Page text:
Digital screening and assessment tools for addiction are a crucial component of DTx for addictive disorders. Digital evaluations, which may include online adaptive scale assessments or objective assessments, can capture real-time physiological data from patients.13 By combining these data with artificial intelligence algorithms, these tools can offer deeper insights into addictive behaviours and addiction mechanisms, thereby improving assessment accuracy.14 One study found that a machine learning classification model could accurately distinguish between the electroencephalogram and electrodermal responses of individuals with methamphetamine addiction and those without, with 90% accuracy.15 By using electroencephalography and machine learning algorithms, the model could also identify if individuals with methamphetamine addiction were in a craving scenario with 92% accuracy.16 Digital assessment tools can facilitate timely problem identification, personalised treatment plans, progress monitoring, treatment effect evaluations and scientific research advancements. Hence, DTx for addictive disorders should integrate assessment and screening functions.

Evaluation criteria for DTx

DTx for addictive disorders need thorough review and testing before clinical use. In the development and application process, several factors should be evaluated, including quality, efficacy, compliance, accuracy, treatment content, adverse reactions and privacy security. The results should be published in peer-reviewed academic journals to ensure transparency and credibility. The suggested standards in the consensus include passing national quality inspection and meeting product standards, as well as demonstrating effectiveness through large-sample, multicentre trials and achieving comparable with or better results than conventional treatments in terms of effectiveness, convenience and safety. Patient compliance should not be significantly lower than conventional therapies. For accuracy, assessments should ideally achieve a rate of 85% or above. Treatment methodologies must be evidence-based, with continuous monitoring of adverse reactions. Furthermore, DTx products must comply with the highest information system protection standards to ensure data security and patient privacy.

Ethics and security

Models and algorithms in DTx for addictive disorders collect and process patient data. This process must be handled ethically and securely. Key guidelines for protecting privacy and maintaining data security include obtaining informed consent from patients, anonymizing personal information, using encryption technologies, and implementing strict access controls. It is also recommended to follow the principle of data minimisation, that is, only collecting data necessary for treatment, along with establishing a defined data retention period and conducting regular audits for data security.1 Furthermore, it is crucial to ensure compliance with relevant regulations and emphasise patient education about self-protection and appropriate software use.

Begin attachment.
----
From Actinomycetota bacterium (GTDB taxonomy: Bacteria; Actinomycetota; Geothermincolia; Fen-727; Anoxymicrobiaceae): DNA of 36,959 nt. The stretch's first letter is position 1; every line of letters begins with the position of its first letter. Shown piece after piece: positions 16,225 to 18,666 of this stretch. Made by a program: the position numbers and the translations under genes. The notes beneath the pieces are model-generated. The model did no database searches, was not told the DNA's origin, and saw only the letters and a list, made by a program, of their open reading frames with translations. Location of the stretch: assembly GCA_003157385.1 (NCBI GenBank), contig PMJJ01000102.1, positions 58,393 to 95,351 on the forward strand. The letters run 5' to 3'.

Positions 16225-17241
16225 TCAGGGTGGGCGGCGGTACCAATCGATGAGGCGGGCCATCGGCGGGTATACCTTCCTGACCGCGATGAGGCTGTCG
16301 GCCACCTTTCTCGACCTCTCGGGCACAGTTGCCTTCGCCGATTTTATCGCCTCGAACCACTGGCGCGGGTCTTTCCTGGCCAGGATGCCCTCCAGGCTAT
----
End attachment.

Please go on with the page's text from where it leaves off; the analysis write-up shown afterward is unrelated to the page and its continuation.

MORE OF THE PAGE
Vision and conclusions

DTx is a recommended non-pharmacological treatment for addiction, which can be used in various stages of treatment and in different settings. Success in real-world applications of DTx depends on several factors, including improved training for medical staff, increased public awareness, implementation of pilot projects in public hospitals and primary care institutions, and enhancement of screening assessment accuracy to support personalised treatment using clinical data. Integrating DTx and conventional therapy is crucial for improving treatment efficiency and expanding coverage.6 17 A more closely coordinated system can deliver higher-quality care for addictive disorders. Ethical standards, particularly those regarding patient privacy and security, must be strictly followed. Future development of DTx should adhere to industry standards and policies, improve product quality, expand usage scopes, and ensure local and cultural adaptability while managing potential risks from technology.

Ethics statements

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References

Wei Hao graduated with a bachelor's degree from Anhui Medical University, China in 1982. He obtained a master's degree and a PhD degree at Hunan Medical University, China in 1987 and 1997, respectively. He currently is a professor in the Department of Psychiatry and the Deputy Director of the Mental Health Institute at the Central South University, Changsha, China. He serves as the Director of the World Health Organization (WHO) Collaborating Centre for Psychosocial Factors, Substance Abuse and Health. Prof. Hao is a member of WHO Expert Advisory Panel on Drug Dependence and Alcohol Problems (2006–present); a member of the Working Group on the Classification of Substance Abuse for the eleventh revision of the International Classification of Diseases (ICD-11), WHO (2011–present), and the President of Chinese Association of Drug Abuse Prevention and Treatment (2015–present). His main research interests include psychiatry and addictions.


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Footnotes

  • Contributors XW and WH drafted the manuscript. DL, GW, along with XW and WH, critically reviewed the content and provided guidance and support throughout the writing process.

  • Funding This study was supported by the National Key Research and Development Program of China (grant 2023YFC3304200).

  • Competing interests None declared.

  • Provenance and peer review Not commissioned; externally peer reviewed.